To illustrate, the customer should be able to indicate which components of the transaction are most important to them (and which ones are less significant). This targeted data will be transmitted to the product development, sales, marketing, and customer support teams.
Sometimes, well-intentioned companies solicit customer feedback but never utilize it to improve their operations. Instead, this potentially valuable information languishes in the “Contact Us” inbox while the business muddles along without its benefits.
To ensure that the company derives maximum value from customers’ feedback, the firm’s leadership team should first define the feedback’s purpose. With that as a guideline, they should create a customer feedback structure that prioritizes easy accessibility and maximum utilization. The customer feedback form should also tell the customer that they can expect a response within a defined time period.
To obtain maximum value from customer feedback, the business owner should first determine why they want to obtain the feedback. Stated another way, they should specify the aspect of the customer journey that could benefit from some improvement. Given that answer, they should plan to implement the customer feedback method that best aligns with their goals.
Next, the business owner should have an actionable plan for the statistical and/or anecdotal data they collect. They should lead a multidisciplinary internal team in developing a process to effectively utilize the data to enhance the customer experience.
Steph Korey shares insights gained during Away’s product design process. To determine the most important product attributes, Korey and her partner intensively interviewed eight hundred people about their travel habits. “We wanted to map out the whole experience to figure out the pain points,” she explains.
The team effectively utilized the customer feedback they received. Specifically, they designed a product that addressed customers’ most important needs while also meeting other parameters. Business owners in other industries can perform the same exercise to fine-tune their products or services.
Every business should ensure that customers who provide feedback receive an acknowledgment. When appropriate, the customer should be kept abreast of further product or service improvements that would further enhance their experience. Steph Korey frequently emphasizes the importance of this customer-centric approach.
“Even if we only launched with a few customers, we took care to nurture each of those relationships, making sure their feedback was heard and we included them in the conversation every step of the way,” Korey concludes.
Each business owner should ensure that they take full advantage of the timely customer feedback they receive. Together, these five strategies will help them to achieve that goal.
To enable effective feedback-based planning, the proper team members must quickly receive that feedback. Representatives from the production, sales, marketing, distribution, and customer support functions should be included in the feedback loop.
Most importantly, customer feedback should be shared at all levels instead of being directed only to high-level managers. By involving all appropriate team members, the company can implement a unified plan to address any issues that emerge.
When customers make the effort to provide a retailer or service provider with feedback, the business owner should take action within an appropriate time frame. In the case of an obvious product defect or malfunction, the company should immediately respond.
Other customer feedback can serve as the impetus for longer-term product or service improvements. Useful feedback can also help to pinpoint emerging customer needs. Finally, learning what customers really think can enable the business owner to identify market gaps ripe for new innovations.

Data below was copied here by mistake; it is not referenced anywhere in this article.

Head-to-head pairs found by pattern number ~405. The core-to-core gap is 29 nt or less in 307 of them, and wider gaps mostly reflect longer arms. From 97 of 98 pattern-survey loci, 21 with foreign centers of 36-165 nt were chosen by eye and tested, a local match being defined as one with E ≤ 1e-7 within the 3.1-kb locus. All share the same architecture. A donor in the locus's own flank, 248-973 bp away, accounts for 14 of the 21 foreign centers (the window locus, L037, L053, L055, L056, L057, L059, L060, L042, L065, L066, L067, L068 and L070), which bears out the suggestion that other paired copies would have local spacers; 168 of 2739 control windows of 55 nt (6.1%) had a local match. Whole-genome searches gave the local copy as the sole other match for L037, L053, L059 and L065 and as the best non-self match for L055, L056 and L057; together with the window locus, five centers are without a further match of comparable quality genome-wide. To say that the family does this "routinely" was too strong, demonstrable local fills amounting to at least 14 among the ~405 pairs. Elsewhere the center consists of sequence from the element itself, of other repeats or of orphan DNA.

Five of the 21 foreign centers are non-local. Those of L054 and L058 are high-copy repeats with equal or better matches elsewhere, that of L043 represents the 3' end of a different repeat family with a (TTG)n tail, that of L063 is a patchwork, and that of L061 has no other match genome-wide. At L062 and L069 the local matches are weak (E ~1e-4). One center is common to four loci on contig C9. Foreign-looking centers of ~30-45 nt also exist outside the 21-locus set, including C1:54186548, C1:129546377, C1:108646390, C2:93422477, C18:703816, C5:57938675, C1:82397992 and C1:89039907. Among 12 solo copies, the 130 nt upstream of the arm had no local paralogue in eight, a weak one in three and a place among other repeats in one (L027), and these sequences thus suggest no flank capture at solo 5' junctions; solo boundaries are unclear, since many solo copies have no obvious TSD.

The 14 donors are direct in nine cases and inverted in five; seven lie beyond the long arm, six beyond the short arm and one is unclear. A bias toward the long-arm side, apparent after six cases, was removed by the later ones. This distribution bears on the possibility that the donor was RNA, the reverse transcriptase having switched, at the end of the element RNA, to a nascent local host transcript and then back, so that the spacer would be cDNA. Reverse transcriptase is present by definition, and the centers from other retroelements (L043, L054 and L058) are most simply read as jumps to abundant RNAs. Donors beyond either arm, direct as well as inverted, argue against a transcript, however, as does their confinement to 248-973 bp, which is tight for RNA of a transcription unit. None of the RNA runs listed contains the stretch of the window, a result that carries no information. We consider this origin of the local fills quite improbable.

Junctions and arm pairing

Some customer feedback may pertain to a subpar experience with a company’s product or service. If the business owner or manager would rather avoid a potential conflict, they may choose not to respond to that dissatisfied customer.
However, it’s imperative that the company respond immediately, for two reasons. First, learning about the customer’s frustrations provides an opportunity to resolve the issue and turn their perception around. There’s a good chance they’ll share their positive experience via word of mouth and social media.
In addition, examining multiple negative reviews can uncover a larger-scale problem. By addressing each issue in a timely fashion, the company is likely to improve its customer retention over time.
There’s a good chance the business is doing several things correctly. An effective customer feedback program will bring these positive attributes into focus. In addition, positive customer feedback responses could identify areas in which the company outperforms its competitors.
Favorable customer feedback can also shine the light on customers who could become successful brand ambassadors. By cultivating relationships with them, the company is well-positioned to receive desirable referrals and testimonials.
When customers praise a company associate’s excellent performance, it’s essential that the acknowledgment reaches the employee involved. In addition to providing positive reinforcement, the action could motivate other employees toward better job performance.
Entrepreneur and investor Steph Korey emphasizes that consistently utilizing customer feedback is integral to building a successful brand. She adhered to this guiding principle while earning recognition for her supply chain and brand development work with eCommerce retailers Warby Parker and Casper.
Korey’s MBA from Columbia Business School further honed her business management skills. Her master’s degree, along with her notable business world achievements, equipped her to navigate multifaceted business development challenges.
Today, Steph Korey is a well-known angel investor who provides financial support and mentorship to start-up and early-stage business owners. She actively seeks out emerging companies owned by women and other underrepresented entrepreneurs. With a strong belief that talent and opportunity should match, she embraces opportunities to help other entrepreneurs move forward.
Erika White is a graduate of Parsons School of Design. Erika is based in Manhattan but travels much of the year. Erika has written for NPR, Motherboard, MSN Money, and the Huffington Post. Here at Morning News Ledger, Erika covers entertainment stories, focusing on performance arts and culture.